Table saws are powerful tools that are used in many different fields.
Maybe we’re a professional that needs specific cuts, or maybe we’re a passionate hobbyist that enjoys the world of workshops and working with wood. Whatever it is, you need a table saw, and they will be your best friends in the world of woodworking.
So, it must be particularly frustrating to be working on your last project and suddenly notice that the line is curved when it should not be. Table saws are made to be efficient, so if your table saw cuts are not straight, there can be many possible causes. These include:
1. One or more bad teeth in the blade
This is probably one of the most common and luckily one of the cheapest issues to fix. Sometimes, when one or more teeth in the blade are bad, these can start to act as smoothers and not cutters. This can stop the other teeth from touching the wood and cutting accordingly, producing an unusual shape in the cut.
The best way to check if this is your problem is to try with another blade. Normally, this will be enough to fix the issue.
2. Misaligned blades
Sometimes the issue with the blade is not the teeth, but the alignment. This can certainly result in a poor cut.
To check this, pick one tooth of the blade and then measure from the carbide tooth to one miter slot. Then rotate the tooth so it is at table level (at the rear of the saw) and measure again; if they are not aligned properly, this can reveal issues. Tune it accordingly.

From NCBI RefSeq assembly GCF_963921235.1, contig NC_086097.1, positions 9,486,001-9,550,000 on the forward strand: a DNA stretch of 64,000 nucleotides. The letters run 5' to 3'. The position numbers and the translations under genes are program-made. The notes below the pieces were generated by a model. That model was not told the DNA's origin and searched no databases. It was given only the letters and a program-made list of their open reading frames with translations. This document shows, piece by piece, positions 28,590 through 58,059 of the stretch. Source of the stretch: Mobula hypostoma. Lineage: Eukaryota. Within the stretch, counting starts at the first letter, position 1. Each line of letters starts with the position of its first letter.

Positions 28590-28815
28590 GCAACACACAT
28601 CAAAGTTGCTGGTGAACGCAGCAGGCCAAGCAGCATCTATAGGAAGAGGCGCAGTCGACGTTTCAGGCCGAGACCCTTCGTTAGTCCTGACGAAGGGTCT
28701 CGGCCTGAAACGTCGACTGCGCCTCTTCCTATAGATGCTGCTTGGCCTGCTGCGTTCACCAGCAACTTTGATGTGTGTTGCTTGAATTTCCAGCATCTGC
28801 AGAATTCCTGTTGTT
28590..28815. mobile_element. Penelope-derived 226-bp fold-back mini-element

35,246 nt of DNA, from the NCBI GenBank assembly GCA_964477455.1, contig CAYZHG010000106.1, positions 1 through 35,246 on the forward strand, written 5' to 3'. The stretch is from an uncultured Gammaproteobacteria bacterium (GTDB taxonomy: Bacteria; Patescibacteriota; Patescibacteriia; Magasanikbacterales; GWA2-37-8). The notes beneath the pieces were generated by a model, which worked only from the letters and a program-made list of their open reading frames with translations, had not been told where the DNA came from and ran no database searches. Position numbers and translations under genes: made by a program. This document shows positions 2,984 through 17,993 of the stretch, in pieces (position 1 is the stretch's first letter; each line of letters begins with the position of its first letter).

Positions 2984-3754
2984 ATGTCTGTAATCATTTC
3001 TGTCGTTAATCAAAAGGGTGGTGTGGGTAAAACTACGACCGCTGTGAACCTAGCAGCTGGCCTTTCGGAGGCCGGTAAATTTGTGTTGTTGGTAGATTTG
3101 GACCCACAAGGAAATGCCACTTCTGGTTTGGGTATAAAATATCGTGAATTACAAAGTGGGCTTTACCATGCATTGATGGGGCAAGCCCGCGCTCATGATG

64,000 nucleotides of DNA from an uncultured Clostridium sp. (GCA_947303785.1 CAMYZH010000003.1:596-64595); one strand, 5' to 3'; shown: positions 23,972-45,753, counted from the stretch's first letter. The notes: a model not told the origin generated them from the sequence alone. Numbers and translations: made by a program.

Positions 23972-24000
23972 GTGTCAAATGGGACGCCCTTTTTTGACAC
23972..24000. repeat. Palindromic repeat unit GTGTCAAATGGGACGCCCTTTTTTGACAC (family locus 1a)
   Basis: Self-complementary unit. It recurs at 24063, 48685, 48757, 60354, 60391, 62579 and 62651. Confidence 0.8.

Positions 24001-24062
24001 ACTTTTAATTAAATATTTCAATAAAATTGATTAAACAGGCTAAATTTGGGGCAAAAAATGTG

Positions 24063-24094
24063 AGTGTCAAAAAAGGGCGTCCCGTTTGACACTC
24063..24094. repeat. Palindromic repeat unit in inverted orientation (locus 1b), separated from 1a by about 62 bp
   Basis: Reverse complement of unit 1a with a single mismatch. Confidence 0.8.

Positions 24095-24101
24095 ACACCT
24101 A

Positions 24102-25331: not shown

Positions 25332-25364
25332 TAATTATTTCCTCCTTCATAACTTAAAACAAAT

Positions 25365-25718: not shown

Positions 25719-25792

3. Misaligned fence
If the fence is not aligned, the blade could kick back, which can be very dangerous. In checking the fence, we know that the blade is aligned to the miter slot, so adjust the fence to the slot so it is perpendicular to it.
Be on the lookout for any gaps that may need to be covered — this could cause the unusual patterns of the cut. Don’t fool around too much with it or you might break the clamp mechanism. Be mindful.
Have a look at the useful tips in this video:
4. Protruding throat plate
With the straight edge perpendicular to the miter slot, push it across the throat plate. If the plate protrudes above the table, this may impede the push of the stock through the blade and mess up your cuts.
These four things should be what you first look at when trying to determine why your table saw cuts aren’t straight. If it happens to be something else, it might be a good idea to get a new table saw altogether. For the best models, check out this page. Always take safety precautions, and good luck.